A final point needs to be made.  The wording of the 2011 Act does not make a referendum a vote on membership of the EU or withdrawal from the EU.  Any referendum held would be on the narrower question of whether the UK may ratify the new treaty.  This follows from the wording of section 2.

Plenty of scope - (weasel words ?) - here for the government lawyers and politicians to find that any new treaty does not actually require the referendum that many are demanding.   Of course, the economic and political consequences of any new treaty will be immense and this applies even to a treaty applicable to just the 17 eurozone States.  Such questions are for the political analysts to consider.  However, for those who wish to pursue this, the European Council President (Herman Van Rompuy) has set the scene in "Towards a Stronger Economic Union" - 6th December and see The Guardian 7th December "EU summit signals crunch time for Cameron at home and abroad."


  1. It's interesting that Cameron is citing patriotism & “Defending Britain” by opposing the banking transaction tax - a key demand of Merkel and Sarkozy.

    Thanks to the 'Super Weasel' team for your analysis of whether a referendum would/should be held. I do not think that a referendum will be posited if any likely voting outcome would not be to the government's liking. Or it willbe subject to a minimum target % of voters turnout which will be difficult to achieve in these apathatic times.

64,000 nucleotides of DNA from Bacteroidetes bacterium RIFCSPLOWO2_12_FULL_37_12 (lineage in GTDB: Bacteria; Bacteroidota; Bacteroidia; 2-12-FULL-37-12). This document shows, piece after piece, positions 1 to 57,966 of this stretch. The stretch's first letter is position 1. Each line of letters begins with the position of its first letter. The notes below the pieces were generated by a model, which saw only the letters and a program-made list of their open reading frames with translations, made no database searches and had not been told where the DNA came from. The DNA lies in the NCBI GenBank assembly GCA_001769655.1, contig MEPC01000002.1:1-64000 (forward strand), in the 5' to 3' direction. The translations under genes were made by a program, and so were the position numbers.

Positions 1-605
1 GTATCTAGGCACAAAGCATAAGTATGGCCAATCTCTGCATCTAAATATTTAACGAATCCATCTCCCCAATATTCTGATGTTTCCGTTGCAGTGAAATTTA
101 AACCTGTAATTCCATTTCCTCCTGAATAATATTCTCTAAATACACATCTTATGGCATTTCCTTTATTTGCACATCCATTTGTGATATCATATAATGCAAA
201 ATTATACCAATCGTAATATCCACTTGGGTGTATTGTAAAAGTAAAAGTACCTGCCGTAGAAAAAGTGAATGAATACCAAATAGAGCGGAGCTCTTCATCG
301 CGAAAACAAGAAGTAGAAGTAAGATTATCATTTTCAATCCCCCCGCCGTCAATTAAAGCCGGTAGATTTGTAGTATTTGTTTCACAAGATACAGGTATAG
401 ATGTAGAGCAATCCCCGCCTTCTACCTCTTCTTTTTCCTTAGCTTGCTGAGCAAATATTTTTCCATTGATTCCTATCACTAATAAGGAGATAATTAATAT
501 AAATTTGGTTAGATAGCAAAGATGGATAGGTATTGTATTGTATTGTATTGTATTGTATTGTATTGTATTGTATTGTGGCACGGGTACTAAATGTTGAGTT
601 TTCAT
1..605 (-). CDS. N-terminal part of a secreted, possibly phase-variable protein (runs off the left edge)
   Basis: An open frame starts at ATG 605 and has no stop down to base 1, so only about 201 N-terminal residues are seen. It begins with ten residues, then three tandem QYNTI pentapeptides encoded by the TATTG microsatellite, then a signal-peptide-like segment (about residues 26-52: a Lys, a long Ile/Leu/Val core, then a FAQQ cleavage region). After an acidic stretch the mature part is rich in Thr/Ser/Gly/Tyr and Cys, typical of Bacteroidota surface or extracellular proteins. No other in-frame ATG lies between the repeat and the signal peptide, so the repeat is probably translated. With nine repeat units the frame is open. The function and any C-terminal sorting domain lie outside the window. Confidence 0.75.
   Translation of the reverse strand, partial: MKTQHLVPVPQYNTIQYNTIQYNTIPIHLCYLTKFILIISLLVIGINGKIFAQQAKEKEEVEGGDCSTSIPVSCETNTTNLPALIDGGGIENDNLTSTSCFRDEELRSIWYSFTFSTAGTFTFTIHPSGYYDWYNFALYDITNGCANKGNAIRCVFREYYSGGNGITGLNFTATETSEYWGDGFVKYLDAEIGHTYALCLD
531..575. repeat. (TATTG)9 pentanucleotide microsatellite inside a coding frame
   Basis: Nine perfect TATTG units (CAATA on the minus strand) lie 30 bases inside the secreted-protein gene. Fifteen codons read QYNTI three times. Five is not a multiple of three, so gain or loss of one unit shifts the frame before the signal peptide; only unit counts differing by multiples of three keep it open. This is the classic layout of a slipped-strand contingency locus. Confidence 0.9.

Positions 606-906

2. Jan - thanks for the comment. The law requires a referendum but only in the situations coming within the 2011 Act. If the government fears the outcome of a referendum, I have no doubt that they would seek to argue that the new treaty does not come within the Act. However, given the terms of the Act, this may not be possible.

    In the event of a referendum being held in relation to a new treaty, a simple majority in favour seems to be all that the 2011 Act requires. Short of amending the Act, there would be no legal case for insisting on any other majority.

    An interesting, and exceptionally difficult, legal problem would arise if either:

    a) the government refused to hold a referendum when the Act required one; or

    b) held a referendum in which there was a result against the new treaty but the government tried to go ahead with it anyway.

    At the moment, such questions are (fortunately) academic only.